December 24, 2001
CANADA’S CRACKDOWN ON CIVIL LIBERTIES
The United Nations Security Council requested that countries around the world enact legislative measures to fight terrorism, by today. On time for that request was Canada’s Parliament, which passed bill C36 bill last Tuesday night; Protesters from the Teddy Bear Brigade in Vancouver won the right to a series of public meetings about these anti-terrorism bills with Member of Parliament and C36 supporter, Stephen Owen by occupying his office last week. Thatcher Collins attended the first such meeting on Saturday in Vancouver:
OPPOSING A NEW WAR ON IRAQ
Mindful that the holiday season often brings with it renewed calls for peace around the world, two pacifist organizations recently drafted a “peace pledge” on behalf of the citizens of Iraq. The Fellowship of Reconciliation and American Friends Service Committee propose an all-out national and international effort to prevent an escalation of the war on terrorism into Iraq. Over the past 11 years the US has led a devastating economic and air assault on the country in an effort to weaken Saddam Hussein. This war, according to UN estimates, has killed over a million people. The US rationalizes targeting Iraq in its war on terrorism, because of the country’s alleged refusal to allow weapons inspectors into the country. But the BBC quoted Iraqi Ambassador to the UN, al Douri, in late November; that Iraq would be willing to let weapons inspectors return, if the bombing and economic sanctions were lifted. Martha Baskin has this report.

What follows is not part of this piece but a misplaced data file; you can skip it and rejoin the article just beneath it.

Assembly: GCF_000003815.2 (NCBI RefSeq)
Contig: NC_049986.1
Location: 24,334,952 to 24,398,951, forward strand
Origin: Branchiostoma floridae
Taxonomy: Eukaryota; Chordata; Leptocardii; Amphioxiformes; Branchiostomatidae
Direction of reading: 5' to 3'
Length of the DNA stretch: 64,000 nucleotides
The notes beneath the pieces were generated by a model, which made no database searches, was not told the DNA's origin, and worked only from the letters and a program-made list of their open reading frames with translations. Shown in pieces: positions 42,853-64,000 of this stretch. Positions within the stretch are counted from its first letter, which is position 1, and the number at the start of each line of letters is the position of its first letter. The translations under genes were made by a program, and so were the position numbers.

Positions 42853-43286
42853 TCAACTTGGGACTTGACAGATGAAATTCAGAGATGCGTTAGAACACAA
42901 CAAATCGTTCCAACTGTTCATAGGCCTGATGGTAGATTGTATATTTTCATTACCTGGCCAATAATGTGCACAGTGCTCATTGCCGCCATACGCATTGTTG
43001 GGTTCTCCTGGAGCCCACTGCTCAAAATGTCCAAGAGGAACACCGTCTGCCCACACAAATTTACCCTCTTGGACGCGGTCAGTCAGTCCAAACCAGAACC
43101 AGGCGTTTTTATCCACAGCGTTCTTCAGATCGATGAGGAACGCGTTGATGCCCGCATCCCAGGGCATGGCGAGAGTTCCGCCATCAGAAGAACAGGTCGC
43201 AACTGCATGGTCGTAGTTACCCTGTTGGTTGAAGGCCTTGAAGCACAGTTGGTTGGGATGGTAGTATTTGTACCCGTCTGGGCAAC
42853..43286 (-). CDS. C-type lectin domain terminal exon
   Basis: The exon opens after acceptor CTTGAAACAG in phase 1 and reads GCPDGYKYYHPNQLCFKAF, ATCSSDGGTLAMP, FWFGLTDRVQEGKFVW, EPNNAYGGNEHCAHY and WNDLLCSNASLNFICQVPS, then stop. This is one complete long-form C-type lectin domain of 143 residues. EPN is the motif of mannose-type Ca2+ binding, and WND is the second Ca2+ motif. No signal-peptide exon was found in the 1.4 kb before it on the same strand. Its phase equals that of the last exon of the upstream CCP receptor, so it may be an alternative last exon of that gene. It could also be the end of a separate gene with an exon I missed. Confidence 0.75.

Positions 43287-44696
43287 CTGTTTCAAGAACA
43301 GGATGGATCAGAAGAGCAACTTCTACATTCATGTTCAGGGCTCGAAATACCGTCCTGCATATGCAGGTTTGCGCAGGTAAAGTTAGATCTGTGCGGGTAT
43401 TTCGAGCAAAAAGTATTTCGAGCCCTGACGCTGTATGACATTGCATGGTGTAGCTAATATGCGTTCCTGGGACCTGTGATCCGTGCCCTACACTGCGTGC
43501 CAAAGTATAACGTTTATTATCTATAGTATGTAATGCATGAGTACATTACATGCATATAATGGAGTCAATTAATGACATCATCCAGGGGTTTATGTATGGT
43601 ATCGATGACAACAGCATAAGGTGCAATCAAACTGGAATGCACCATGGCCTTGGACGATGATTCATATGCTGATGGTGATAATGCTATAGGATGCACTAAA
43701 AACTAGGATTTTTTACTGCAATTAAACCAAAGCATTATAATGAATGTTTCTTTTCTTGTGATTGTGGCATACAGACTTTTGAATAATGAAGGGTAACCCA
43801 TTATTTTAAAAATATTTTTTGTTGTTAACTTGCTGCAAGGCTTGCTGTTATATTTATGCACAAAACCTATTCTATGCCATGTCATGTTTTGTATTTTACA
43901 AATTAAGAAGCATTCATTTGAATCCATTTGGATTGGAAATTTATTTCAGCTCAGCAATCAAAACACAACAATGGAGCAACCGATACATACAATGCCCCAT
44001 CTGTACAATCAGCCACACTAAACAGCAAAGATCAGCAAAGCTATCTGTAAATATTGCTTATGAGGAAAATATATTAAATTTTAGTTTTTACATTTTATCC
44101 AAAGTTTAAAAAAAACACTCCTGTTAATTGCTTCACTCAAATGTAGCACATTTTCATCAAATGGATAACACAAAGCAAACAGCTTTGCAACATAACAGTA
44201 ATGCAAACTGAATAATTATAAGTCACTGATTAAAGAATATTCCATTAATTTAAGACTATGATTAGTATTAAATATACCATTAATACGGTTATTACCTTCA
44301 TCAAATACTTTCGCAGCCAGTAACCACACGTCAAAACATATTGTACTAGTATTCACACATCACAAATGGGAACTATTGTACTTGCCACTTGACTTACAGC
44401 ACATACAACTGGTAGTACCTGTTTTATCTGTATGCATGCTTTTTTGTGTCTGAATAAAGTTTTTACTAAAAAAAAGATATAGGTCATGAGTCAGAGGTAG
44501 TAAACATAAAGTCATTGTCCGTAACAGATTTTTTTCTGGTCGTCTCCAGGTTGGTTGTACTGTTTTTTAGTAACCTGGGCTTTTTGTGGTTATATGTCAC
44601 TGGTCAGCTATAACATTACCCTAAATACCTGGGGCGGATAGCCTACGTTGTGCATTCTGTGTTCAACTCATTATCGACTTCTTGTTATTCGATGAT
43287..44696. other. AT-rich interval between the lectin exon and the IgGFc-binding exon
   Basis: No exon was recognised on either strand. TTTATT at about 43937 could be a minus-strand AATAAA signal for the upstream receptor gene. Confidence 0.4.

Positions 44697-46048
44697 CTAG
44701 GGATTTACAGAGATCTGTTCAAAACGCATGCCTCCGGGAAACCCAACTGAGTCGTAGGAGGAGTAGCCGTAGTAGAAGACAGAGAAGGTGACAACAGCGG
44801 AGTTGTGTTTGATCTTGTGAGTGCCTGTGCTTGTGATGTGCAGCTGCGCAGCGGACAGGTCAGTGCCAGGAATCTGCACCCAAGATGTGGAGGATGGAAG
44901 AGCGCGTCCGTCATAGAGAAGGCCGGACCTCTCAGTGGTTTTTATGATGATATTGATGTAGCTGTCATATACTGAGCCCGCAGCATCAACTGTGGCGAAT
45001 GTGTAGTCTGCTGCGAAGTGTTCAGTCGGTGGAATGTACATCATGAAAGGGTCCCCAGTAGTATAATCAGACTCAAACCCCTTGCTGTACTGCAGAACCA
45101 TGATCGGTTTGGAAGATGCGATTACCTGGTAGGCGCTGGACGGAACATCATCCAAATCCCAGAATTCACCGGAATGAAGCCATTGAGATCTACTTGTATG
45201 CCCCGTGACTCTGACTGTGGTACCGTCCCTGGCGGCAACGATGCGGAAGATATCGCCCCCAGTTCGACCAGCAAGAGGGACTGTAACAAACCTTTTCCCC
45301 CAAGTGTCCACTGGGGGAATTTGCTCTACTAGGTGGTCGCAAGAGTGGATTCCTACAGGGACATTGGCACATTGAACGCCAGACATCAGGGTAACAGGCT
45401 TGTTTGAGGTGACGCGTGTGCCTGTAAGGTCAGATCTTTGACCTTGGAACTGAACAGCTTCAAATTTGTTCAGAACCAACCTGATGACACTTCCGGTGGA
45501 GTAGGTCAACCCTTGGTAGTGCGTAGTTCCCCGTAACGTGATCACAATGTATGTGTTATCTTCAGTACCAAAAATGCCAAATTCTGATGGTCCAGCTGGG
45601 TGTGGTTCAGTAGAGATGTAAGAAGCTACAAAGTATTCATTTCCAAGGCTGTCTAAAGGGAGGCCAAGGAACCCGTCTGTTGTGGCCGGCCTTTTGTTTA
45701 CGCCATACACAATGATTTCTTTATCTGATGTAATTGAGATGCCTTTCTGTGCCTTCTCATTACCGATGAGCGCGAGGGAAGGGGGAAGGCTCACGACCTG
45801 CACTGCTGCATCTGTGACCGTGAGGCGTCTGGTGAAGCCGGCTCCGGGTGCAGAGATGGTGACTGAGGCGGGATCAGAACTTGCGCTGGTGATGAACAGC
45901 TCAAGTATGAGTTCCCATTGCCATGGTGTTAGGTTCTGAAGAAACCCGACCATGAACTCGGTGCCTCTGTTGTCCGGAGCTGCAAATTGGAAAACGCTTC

WELFARE “REFORM” HITS A SOURING ECONOMY
When Bill Clinton signed welfare reform into law in1996, the United States was in the midst of itslongest economic expansion in history. But even during the boom years of the late 1990’s, poor families complained that Clinton’s “reforms” cut too deep. Now,as the economy sours, so too do the prospects of welfare recipients who hope to break the cycle of poverty. From Madison, Wisconsin, John Hamilton reports.
ALI, HOLLYWOOD TO CUT ADS FOR WAR
Hollywood has recruited Muhammad Ali to explain America and its war to the Muslim world. The writers, producers and studio executives who have formed their own campaign to bolster America’s image abroad believe that Ali will have special credibility with an audience believed to be deeply suspicious of the United States. In the 1960’s, he rattled American conventions by converting to Islam, then defied the American government by refusing to serve in the military when drafted, an act that cost him his world title. Verna Avery Brown reports.